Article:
Medical Awards

November 8, 2012 by  


By Elizabeth Bassett

basheer

Basheer Ahmed

A local physician and a well-known community leader are being recognized for their community contributions by the Tarrant County Medical Society.

Dr. Basheer Ahmed, a psychiatrist and chairman and director of the Muslim Community Center for Human Services, and Marty Leonard, a Fort Worth native, currently a member of the Tarrant Regional Water District’s board of directors, who helped raise funds for local hospitals and medical centers, were honored at a dinner at the Fort Worth Club on Jan. 25. Ahmed received the Humanitarian Award, and Leonard received the May Owen Award.

Ahmed is one of about 15 physicians who volunteer their time and medical skills at the community center, which is in Richland Hills and holds the Al-Shifa clinic, a free clinic every Saturday for those who don’t have health insurance.

The clinic just started having once-a-month clinics on Sundays specifically for women and children, Ahmed said, and there are plans to expand this second clinic to every Sunday.

When asked if the award would raise awareness for the clinic and its patients, Ahmed said he hoped so.

“I am sure there are 2,000 members of the society and not all of them know about the clinic,” he said. “I’m hoping that I was beginning to recruit more physicians.”

Ahmed, who moved to the United States in 1968, grew up in Hyderabad, India. He started a private practice in Fort Worth in 1985, and he started the Al-Shifa clinic (the name means “the healing place”) in 1998, in the beginning he would see five to 10 patients on clinic days.

Now, the clinic serves more than 1,000 patients a year and has the support of local physicians, some of whom may be able to better communicate with some patients who have a hard time navigating the traditional health care system due to language or cultural barriers.

Ahmed, who has retired from his practice, now devotes much of his time to the Muslim Community Center for Human Services.

“Here is my full-time job,” he said in 2007 about the center.

Dr. Hujesa Vora, president of the Arlington Medical Society, said Ahmed was a friend of his father’s and he met Ahmed when he was a boy.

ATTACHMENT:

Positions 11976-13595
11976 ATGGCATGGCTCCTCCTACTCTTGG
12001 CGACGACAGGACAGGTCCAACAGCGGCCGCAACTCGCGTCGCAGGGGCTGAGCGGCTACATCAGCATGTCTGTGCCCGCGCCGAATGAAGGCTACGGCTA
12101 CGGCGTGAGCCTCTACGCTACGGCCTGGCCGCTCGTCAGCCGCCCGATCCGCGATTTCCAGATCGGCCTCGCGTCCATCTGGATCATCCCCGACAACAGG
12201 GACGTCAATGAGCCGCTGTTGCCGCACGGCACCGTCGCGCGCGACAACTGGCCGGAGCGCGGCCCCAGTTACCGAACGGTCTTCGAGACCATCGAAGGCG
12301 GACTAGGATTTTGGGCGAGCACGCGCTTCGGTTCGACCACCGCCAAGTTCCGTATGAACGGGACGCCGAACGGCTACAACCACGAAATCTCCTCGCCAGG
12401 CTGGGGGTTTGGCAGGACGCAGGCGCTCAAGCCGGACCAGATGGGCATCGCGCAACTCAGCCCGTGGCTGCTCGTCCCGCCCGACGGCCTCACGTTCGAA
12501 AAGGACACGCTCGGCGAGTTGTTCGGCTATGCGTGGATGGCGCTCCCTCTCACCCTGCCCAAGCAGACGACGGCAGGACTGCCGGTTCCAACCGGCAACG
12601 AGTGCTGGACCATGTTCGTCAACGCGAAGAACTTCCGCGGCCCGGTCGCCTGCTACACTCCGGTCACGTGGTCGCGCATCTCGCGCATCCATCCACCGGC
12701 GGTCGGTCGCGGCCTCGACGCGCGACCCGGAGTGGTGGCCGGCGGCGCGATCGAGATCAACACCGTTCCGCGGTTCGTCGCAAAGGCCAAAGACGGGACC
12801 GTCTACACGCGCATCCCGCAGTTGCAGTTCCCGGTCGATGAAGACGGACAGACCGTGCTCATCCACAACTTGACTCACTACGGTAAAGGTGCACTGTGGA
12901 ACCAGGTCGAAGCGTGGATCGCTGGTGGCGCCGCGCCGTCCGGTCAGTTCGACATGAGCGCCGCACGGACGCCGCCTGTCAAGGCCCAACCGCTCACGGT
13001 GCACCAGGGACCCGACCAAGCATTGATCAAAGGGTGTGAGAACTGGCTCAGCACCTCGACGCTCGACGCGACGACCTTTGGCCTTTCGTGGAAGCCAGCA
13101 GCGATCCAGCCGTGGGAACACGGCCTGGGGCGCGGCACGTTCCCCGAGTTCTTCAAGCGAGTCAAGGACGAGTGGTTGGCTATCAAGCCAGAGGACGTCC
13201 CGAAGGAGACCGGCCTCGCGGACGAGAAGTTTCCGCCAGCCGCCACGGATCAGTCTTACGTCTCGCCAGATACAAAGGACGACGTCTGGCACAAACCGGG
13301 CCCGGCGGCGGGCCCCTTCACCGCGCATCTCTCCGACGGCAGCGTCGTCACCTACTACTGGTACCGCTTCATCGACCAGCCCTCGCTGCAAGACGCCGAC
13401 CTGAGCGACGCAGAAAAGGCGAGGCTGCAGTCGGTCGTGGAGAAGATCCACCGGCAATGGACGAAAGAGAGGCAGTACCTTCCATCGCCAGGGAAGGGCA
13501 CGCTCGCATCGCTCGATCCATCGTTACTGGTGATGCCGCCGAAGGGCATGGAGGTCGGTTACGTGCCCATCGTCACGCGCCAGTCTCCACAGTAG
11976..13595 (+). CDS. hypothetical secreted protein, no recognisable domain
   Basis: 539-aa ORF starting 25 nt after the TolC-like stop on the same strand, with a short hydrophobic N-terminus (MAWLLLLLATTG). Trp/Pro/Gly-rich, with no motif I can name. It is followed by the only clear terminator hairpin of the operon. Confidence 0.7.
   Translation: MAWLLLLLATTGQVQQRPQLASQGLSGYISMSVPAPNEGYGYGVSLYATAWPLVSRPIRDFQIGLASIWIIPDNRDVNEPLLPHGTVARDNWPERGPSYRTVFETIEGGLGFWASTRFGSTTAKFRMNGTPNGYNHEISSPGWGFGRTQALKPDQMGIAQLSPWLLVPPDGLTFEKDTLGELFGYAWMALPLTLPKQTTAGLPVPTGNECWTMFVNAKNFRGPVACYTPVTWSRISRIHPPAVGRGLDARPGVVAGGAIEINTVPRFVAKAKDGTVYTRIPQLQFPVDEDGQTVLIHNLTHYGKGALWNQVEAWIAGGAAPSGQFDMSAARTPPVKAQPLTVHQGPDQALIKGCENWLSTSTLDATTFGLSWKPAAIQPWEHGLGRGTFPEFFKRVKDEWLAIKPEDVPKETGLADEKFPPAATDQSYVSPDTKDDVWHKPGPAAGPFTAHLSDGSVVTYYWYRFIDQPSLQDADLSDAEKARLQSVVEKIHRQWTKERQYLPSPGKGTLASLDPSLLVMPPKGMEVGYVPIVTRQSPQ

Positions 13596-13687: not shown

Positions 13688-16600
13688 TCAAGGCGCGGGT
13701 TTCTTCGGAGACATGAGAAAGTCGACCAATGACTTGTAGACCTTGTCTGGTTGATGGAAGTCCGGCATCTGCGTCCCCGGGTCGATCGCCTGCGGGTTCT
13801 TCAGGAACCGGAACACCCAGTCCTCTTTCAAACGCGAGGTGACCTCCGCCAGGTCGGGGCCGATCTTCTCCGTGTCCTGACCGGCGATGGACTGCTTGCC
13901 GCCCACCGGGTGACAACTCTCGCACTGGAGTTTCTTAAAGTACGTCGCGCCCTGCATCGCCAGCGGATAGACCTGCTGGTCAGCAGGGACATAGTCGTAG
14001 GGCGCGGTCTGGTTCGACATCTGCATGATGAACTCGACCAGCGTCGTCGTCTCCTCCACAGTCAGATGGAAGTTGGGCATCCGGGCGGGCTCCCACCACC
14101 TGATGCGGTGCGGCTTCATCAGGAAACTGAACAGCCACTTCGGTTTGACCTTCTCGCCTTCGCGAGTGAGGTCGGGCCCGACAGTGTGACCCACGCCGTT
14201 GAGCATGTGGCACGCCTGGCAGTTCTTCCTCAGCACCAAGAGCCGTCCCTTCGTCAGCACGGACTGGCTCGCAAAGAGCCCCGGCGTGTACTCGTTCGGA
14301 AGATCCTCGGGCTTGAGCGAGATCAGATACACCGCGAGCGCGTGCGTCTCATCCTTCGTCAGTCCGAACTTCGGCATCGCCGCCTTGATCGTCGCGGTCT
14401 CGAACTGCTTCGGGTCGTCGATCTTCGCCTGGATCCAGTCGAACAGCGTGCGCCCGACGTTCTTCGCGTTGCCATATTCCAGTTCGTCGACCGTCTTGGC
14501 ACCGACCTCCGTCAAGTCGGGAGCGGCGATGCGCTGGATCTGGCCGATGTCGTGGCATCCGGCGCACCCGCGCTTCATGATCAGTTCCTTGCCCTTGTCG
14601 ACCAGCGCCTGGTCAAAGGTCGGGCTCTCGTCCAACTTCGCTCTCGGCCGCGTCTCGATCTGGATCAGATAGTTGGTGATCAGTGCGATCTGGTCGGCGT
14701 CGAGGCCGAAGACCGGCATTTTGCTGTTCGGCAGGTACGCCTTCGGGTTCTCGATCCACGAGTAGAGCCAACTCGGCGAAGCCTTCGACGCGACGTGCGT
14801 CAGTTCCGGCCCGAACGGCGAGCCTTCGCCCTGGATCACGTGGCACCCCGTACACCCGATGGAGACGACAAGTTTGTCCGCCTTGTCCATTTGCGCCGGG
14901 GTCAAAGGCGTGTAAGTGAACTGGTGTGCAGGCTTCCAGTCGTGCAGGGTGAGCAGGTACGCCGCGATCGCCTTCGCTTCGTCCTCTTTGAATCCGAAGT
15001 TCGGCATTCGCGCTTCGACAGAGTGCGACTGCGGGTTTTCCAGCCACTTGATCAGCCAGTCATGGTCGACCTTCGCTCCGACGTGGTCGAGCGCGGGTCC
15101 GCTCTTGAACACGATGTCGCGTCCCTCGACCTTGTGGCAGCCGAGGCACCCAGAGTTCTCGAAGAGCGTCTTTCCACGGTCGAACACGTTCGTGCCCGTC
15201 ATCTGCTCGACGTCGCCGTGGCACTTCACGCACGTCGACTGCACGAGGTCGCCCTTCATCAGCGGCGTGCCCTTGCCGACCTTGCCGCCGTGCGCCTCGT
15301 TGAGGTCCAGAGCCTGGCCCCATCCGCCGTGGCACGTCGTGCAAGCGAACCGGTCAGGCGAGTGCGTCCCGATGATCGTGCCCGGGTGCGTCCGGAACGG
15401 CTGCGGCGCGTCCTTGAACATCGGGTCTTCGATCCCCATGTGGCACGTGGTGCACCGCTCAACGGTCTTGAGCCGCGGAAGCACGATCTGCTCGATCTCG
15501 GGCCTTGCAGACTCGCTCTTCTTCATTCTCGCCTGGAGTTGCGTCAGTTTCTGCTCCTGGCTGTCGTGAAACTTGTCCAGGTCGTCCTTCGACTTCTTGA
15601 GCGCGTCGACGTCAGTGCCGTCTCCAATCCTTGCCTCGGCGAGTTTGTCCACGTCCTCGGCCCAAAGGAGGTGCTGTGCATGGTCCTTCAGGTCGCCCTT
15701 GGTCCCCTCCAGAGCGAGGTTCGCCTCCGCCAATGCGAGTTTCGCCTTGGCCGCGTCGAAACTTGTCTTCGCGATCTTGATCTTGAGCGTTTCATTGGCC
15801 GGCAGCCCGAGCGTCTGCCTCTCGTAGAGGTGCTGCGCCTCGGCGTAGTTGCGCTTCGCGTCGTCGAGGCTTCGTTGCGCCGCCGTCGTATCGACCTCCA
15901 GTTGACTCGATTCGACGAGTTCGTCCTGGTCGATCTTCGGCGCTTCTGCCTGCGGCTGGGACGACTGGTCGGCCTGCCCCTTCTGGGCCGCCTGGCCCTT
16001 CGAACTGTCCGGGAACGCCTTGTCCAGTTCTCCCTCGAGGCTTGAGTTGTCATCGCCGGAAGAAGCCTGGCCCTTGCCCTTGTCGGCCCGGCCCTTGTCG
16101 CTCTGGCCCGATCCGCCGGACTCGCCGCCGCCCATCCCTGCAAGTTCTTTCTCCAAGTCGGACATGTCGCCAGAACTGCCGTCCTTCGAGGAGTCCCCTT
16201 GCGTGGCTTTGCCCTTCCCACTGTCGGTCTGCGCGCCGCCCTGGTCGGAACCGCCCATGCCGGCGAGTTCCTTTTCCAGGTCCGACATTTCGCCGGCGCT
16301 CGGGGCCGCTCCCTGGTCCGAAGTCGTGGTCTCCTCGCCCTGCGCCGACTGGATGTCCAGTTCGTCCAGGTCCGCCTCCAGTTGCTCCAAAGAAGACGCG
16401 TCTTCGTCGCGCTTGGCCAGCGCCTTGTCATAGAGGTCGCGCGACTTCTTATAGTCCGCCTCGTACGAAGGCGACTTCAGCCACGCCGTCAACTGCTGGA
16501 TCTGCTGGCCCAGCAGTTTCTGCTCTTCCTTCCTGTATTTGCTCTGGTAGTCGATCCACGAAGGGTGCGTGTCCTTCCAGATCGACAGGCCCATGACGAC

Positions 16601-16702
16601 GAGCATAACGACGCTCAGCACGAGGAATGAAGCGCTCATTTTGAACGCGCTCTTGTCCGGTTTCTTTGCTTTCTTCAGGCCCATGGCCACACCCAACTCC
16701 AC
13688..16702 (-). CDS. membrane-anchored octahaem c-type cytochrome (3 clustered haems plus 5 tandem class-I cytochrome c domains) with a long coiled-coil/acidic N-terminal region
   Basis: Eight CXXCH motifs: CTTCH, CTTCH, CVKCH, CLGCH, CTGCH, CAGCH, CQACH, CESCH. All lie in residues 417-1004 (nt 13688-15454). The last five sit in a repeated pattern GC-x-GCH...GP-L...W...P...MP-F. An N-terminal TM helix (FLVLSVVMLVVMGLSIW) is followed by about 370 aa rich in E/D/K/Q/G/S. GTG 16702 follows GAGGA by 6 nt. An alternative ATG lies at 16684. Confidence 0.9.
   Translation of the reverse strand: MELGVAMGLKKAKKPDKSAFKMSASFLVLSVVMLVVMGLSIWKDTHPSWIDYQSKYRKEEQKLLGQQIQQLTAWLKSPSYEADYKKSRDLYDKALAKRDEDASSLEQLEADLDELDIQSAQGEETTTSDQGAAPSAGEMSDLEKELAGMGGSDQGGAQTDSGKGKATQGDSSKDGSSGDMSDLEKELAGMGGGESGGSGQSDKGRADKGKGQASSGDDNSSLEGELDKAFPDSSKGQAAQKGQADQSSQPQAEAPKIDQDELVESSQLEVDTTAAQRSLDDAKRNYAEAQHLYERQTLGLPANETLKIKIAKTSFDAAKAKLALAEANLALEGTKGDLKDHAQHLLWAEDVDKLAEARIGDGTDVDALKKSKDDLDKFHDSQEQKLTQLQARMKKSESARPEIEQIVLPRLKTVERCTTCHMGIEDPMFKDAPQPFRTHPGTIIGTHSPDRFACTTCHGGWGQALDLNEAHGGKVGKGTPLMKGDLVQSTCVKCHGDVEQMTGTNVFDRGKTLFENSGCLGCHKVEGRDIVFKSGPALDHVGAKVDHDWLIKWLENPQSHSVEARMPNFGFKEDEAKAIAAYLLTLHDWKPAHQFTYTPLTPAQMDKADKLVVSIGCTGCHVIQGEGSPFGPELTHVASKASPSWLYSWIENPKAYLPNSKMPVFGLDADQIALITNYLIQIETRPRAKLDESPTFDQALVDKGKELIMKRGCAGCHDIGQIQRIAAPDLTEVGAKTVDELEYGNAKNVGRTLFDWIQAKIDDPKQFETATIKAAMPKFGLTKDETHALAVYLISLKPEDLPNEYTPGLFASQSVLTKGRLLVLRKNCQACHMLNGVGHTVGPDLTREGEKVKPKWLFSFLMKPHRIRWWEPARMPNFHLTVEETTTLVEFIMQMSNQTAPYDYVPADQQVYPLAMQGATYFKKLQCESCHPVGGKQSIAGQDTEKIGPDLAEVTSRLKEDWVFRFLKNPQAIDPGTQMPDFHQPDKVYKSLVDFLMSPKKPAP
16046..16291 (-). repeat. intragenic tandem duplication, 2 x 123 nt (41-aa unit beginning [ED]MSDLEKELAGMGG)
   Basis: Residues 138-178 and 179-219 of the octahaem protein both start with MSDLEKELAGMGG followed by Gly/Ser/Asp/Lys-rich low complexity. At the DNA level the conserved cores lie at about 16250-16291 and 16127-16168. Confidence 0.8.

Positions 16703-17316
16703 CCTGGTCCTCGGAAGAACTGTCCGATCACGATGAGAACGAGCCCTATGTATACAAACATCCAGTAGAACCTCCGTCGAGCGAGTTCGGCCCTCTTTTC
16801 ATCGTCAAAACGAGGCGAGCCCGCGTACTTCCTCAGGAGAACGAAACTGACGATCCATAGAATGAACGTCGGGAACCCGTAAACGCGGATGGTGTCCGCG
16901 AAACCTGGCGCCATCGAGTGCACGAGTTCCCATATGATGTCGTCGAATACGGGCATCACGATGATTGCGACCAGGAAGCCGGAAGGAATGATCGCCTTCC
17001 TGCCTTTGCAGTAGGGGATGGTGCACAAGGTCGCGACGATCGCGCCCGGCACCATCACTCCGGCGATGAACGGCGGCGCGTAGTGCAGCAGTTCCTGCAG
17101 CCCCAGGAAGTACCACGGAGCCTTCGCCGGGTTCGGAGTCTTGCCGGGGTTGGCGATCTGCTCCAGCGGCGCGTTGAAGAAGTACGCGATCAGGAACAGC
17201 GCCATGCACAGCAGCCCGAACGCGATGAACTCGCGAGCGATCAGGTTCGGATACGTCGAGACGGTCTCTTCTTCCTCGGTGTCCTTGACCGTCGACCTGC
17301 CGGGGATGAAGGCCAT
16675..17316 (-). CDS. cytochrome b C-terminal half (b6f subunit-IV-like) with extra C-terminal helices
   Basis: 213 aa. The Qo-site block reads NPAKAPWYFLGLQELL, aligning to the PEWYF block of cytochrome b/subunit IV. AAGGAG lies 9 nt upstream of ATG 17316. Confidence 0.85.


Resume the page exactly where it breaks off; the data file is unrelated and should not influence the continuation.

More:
When Vora opened an internal medicine practice in Arlington a few years ago, Ahmed personally called him and persuaded him to try volunteering his time to the Al-Shifa clinic.

“He’s very persuasive,” Vora said.

Ahmed’s passion and drive to serve people in need is inspiring to others who feel there is a calling to help.

“We all know what the reality of community service and the reality of medicine, but Dr. Ahmed, one of his big pushes is to remind someone of what the ideals are,” Vora said.

Also, he said, he was present when Ahmed was told about his honor, during a board meeting for the MCC for Human Services.

“His response wasn’t, ‘Thank you for recognizing me.’ It was, ‘Thank you for helping us,’” Vora said.

In addition to medical care, the center also offers health fairs at various churches and mosques, a domestic violence program and hotline to help victims, seminars on healthy marriages, an outreach program that serves food at a homeless shelter and collects items for donation, and a helpline that can put a caller in touch with somebody who can either answer questions about a wide grange of topics or find somebody who can.

Leonard said that she met May Owen, for whom the non-physician award is named, when she was a young girl. Owen was a friend of Leonard’s father, and she said she appreciates being recognized for the same type of work.

“I just hope that what little I have done is the reflection of the characteristics that enabled her to do what she did,” she said.

Leonard continues to serve on the board of the Lena Pope Home, something she’s done for more than 40 years, and she’s also a senior member of the University Cancer Foundation Board of Visitors for Houston’s M.D. Anderson Cancer Center and on the board of the All Saints Health Foundation. Leonard has also served on the boards of the Baylor All Saints Medical Center and the Bishop Davies Nursing Home, among many, many others.

“You just make time for the things that are important to you,” Leonard said.

Leonard said she hopes that this award may inspire others to volunteer their time and offer their input where it’s needed to contribute to the community.

“I’ve been fortunate and very blessed to have a lot of energy and a lot of support from a lot of people,” she said.

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